Dreaming of green and plant pin ups

In February, I dream of green.

This is when I reach into the depths of my closet and pull out the seed box. This cardboard box, left here by the teen-age daughter of the former owner of this house, is where I keep my garden seeds. Clearly, it is different than the clay pots and woven baskets where early Southwestern tribes once stored their precious seeds. However, the seed box hand decorated with such phrases as "Pete is cute" and


"John eats shit" is a cultural remnant of this house and land, where I sow my seeds each summer. Some of these seeds I have bought or traded, some have been given to me, and still more I have collected from my own garden and the local wild lands. Many are stamped with long past expiration dates that I ignore annually, because like the seeds of the Arizona mesquite tree, viable after 40 years encased in adobe bricks, most seeds are built to last.

I pour the contents of the box onto the living room floor. Rag tag packages opened and refolded countless times are so worn the planting information is no longer legible. With pen and paper in hand, I take inventory for the coming season, making lists of what I have and what needs to be ordered. I get no further than delineating two columns on the page before the stories start rushing in. Each seed has its own.

There in the makeshift envelope are the wild grindelia seeds gathered in the sage scrub in dusty, sun-lush August, while Dan was practicing at the nearby rifle range. Grindelia is nature's remedy for poison ivy, a good plant to have around. Prudens Purple falls from the tomato pile, the tomato seeds sent from my father-in-law in Canada. I remember nervously waiting in mid-September for these 2-3 pound behemoths to ripen, frost danger hovering dangerously close. Prudens goes to the "out" pile.

I finger the seeds of the "dwarf" sunflowers that grew 8 feet tall, luring chickadees, goldfinches and pine siskins to their seed heads throughout winter.

Definitely "in."

Then there are the stories yet to come. Will the season this summer be long enough for the sweet red peppers? Will the wild lupine from the Hogsback hills germinate in my garden? Where to plant the native corn seeds that Ben and Julia brought back from Bolivia?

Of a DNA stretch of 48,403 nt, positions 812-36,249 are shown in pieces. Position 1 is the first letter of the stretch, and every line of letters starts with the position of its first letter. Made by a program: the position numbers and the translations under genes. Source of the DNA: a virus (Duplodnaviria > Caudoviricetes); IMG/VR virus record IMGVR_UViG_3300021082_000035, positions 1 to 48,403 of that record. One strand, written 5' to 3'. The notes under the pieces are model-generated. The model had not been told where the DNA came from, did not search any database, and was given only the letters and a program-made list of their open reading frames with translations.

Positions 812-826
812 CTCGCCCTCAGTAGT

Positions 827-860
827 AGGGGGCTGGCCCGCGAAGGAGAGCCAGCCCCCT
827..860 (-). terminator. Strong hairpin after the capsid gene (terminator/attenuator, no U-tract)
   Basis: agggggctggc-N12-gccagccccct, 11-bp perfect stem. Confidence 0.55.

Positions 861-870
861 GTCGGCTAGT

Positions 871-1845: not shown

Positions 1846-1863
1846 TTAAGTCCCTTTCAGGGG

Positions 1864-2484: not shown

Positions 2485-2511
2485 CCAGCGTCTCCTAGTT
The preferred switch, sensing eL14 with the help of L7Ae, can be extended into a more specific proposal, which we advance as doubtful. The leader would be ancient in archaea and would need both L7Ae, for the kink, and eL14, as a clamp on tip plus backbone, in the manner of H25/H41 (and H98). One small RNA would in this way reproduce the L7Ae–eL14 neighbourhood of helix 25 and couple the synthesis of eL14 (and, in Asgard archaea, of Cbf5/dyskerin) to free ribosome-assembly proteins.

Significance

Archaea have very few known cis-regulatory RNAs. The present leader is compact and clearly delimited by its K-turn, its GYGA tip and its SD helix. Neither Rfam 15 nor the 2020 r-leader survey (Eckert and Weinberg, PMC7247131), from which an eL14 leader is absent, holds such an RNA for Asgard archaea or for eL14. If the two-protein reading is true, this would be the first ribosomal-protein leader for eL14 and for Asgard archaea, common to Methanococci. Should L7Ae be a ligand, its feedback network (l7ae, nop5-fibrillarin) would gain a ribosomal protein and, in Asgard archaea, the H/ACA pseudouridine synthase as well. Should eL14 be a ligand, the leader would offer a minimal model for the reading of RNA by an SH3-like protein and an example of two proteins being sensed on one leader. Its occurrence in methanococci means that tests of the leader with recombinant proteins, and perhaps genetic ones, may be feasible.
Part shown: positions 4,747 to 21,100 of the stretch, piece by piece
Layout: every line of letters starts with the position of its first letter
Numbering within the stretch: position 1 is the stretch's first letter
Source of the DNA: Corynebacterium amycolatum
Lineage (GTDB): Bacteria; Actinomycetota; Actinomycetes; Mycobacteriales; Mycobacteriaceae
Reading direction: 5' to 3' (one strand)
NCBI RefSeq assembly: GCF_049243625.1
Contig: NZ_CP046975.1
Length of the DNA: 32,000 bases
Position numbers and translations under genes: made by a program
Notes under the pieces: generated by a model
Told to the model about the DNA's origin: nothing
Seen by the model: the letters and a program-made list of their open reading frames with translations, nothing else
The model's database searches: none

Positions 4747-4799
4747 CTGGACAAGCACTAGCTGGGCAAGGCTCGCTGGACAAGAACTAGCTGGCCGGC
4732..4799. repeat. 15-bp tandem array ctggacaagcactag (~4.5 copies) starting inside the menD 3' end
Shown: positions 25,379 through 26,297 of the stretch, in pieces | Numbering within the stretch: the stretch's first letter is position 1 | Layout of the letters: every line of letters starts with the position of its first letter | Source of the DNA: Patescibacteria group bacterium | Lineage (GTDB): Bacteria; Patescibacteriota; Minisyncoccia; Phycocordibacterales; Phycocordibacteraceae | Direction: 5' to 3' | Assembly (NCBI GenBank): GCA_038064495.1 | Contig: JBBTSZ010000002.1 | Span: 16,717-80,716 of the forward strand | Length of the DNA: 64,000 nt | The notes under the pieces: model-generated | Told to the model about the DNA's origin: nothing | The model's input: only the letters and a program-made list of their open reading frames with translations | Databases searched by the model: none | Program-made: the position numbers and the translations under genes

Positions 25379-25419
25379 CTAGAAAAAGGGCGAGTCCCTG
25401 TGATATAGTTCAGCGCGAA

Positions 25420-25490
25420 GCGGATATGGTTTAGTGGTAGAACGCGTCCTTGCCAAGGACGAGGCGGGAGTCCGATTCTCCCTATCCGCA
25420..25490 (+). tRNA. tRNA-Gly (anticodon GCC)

It is not yet time for answers, nor for practical and responsible list making. With more snow predicted to quiet the farmer's longings, I turn to the favorite wintertime escape: seed catalogs.

Seed catalogs are first glanced at as they arrive in January, when summer is a distant, exotic animal. The photos of fragrant, climbing sweet peas are as unbelievable as the notion of craving shade, and the catalogs get shuffled away with the incoming tax forms. Now, in the heart of February, there are days when you can smell spring; its aroma is sun, dirt and dampness. And though the taxes are not yet filed, it's now safe to pull out the seed catalogs for a longer look.

While Dan points out pictures of elk herds on summer range from the magazine Bugle , I show him photos of crimson tomatoes sweating with juice. I circle 10 different kinds of peppers, knowing I will plant only jalape`F1os like always. I consider the basils: lettuce leaf, purple ruffled, spicy Thai and lemon flavored. I have completely forgotten, as I always will in February, that my basil is the first to be ravaged by insects.

If seed catalogs feature pin ups, then the tomato pages are the centerfolds. In one catalog, one has to decide between 49 different varieties of cherry, paste, slicers, pinks, purples, yellows, oranges and reds, with such descriptions as tart, sweet, low-acid, thin-skinned, dense, prolific, earthy, crack-resistant, early, juicy, tangy and lingering flavor. One tomato variety even claims to be high in gamma amino butyric acid, a body sedative that calms jitters.

Twenty four different kinds of lettuce, and just as I select wine by the bottles' graphic, I am taken by the red streaks of "lolla rossa," the spots of "freckles" and simply the name "butterking." Reading descriptions is so boring, takes too much time, who cares if a cucumber is powdery mildew-resistant, look how high it grows in the pictures!

I want to grow lemon cucumbers, licorice mint and mortgage-lifter tomatoes.

Ladybugs will flock to the floppy, rainbow-colored nastursiums, gobbling up all offending aphids. A preying mantis will feel perfectly at home in the Slovakian pole beans, each flower the sweet purple of a July sunset over the La Plata Mountains. Everything in my garden will grow as perfectly as the plants in these seductive pages.

But I know the real truth. I will plant what has worked over the years, resisting enthralling names and pictures and description. Some things will thrive; others will fail. The true allure will be stepping into the garden on a sultry August afternoon and smelling the fruity fragrance of a tomato plant and watching bumblebees dance in its flowers.

-Rachel Turiel Hinds



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